I know it might sound corny, or stuck up, because it’s not something we usually talk about, but good self-care is born of true self-love. Self-love takes practice, and an intention to learn to love yourself and do good for yourself. Those are the most important aspects of a good self-care practice.


Your “Self-Care Resume”

When I am focusing on something, like self-care, I find it’s helpful to focus on what I am already doing well. What would it be like if you focused on the positive self-care you have already done? This is an idea I adapted from Ariane de Bonvoison’s book, The First 30 Days. She suggests making a “change resume -” where you list all of the changes that you have weathered successfully.  I love this idea. What if we shift it slightly and apply it to self-care instead?

What are the ways you have prioritized yourself or taken care of your needs and feelings? I’ve created a printable PDF sheet so that you can create a “self-care resume.” For some this might be a challenging exercise. You might need to look at the examples for ideas, or write down small things. I invite you to remember that we all struggle with self-care sometimes, but we also do it well, otherwise we wouldn’t be here. Dig deep and try to come up with at least 1 thing for each category.

Here’s a sample of some things that might appear in each self-care category:

  • Emotional / Relational:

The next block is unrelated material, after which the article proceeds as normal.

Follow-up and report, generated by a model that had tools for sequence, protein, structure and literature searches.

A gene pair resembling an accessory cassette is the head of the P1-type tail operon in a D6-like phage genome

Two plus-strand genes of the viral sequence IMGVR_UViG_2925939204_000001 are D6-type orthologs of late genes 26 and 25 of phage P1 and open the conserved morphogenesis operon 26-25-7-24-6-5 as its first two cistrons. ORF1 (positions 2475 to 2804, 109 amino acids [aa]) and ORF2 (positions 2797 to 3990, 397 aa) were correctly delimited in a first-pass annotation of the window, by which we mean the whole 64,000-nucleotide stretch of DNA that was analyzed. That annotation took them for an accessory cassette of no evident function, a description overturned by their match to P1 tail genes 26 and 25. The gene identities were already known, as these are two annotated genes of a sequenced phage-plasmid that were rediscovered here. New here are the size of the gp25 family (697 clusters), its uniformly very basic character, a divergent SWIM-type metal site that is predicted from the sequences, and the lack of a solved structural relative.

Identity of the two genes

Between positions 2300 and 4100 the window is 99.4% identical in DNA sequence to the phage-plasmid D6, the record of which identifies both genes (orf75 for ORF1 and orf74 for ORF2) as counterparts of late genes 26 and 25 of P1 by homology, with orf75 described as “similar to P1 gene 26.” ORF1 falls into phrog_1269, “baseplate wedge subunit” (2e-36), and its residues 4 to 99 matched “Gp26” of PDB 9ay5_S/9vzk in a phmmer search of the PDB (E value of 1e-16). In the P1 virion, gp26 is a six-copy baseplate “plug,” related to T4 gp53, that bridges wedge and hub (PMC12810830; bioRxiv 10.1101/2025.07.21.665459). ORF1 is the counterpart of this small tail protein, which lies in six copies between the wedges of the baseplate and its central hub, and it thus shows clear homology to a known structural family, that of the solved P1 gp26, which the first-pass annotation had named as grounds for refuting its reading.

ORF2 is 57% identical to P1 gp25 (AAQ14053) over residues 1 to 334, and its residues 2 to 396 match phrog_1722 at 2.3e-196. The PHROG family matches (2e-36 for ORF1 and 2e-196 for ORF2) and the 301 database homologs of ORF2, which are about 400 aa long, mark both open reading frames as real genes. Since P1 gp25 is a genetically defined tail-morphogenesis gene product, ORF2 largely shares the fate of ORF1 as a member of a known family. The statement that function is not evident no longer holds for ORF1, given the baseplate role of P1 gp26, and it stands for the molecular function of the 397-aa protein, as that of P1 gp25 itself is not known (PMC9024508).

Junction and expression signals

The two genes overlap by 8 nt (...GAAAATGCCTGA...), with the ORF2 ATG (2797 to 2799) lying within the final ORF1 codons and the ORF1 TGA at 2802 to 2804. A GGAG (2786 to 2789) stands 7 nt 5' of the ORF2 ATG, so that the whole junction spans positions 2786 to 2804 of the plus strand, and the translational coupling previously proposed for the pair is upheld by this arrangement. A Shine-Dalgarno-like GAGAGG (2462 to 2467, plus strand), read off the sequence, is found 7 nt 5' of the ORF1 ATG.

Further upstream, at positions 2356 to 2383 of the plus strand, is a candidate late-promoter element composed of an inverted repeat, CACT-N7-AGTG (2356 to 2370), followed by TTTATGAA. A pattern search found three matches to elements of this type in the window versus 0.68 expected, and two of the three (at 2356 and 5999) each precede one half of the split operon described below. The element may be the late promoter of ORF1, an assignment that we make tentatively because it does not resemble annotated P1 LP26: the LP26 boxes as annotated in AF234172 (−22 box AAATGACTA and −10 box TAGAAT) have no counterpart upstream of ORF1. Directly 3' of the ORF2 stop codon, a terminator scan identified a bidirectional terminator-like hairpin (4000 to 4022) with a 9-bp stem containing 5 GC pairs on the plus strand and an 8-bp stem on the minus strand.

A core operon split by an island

I don’t talk to Melissa so much anymore, even though I care about her, she always makes me feel bad about myself.

  • Physical:

I’ve paid and committed to a weekly yoga class for 6 weeks.

  • Spiritual

That hike I went on when I was 16 where I just sat for 30 minutes looking over the valley – I felt so connected.

  • Creative

I doodled at work yesterday when I was stressed instead of checking my phone.

  • What I’d like to focus on now:

I’d like more places where I feel I belong. I wonder if I could try a meet up? The local artists’ association?


PRINTABLE SELF-CARE WORKSHEET. Click to download and print:

Screen Shot 2015-05-14 at 8.53.49 AM

Self-Care Resume


Make a Self-Care Statement:

Hopefully, once you have done the Self-Care Resume exercise, you will have some sense of your self-care strengths, and perhaps also some areas for improvement. My second invitation to you is to create a “Self-Care Statement.” The statement is a reminder, tailored specifically to you, about how to focus on your self-care needs.

Decorate a notecard, write your statement and hang it somewhere visible so you read it everyday.

Here’s mine:

Self Care Statement

If you’d like to do some art journaling like the kind I show in this post, you might check out my video course on intuitive art journaling, or my e-book on how to get started in an art journal. Also, people frequently ask where to find the tan paged journal I often use in my posts, you can find it here.*

How to Turn a Self-Care Attitude into Action

When you truly consider your own needs and feelings in decision making, it shifts your choices.  When you tune into your feelings and your body, some of your unmet needs will likely be more clear. Sometimes part of the key in doing self-care is quieting the body and mind enough to actually listen to yourself. Much like what happened to me in yoga class.

Once you listen to yourself, following through on meeting your needs is often the easy and enjoyable part. If making this shift in attitude alone or with the support of a friend feels overwhelming, you may want to partner with a therapist who can help you.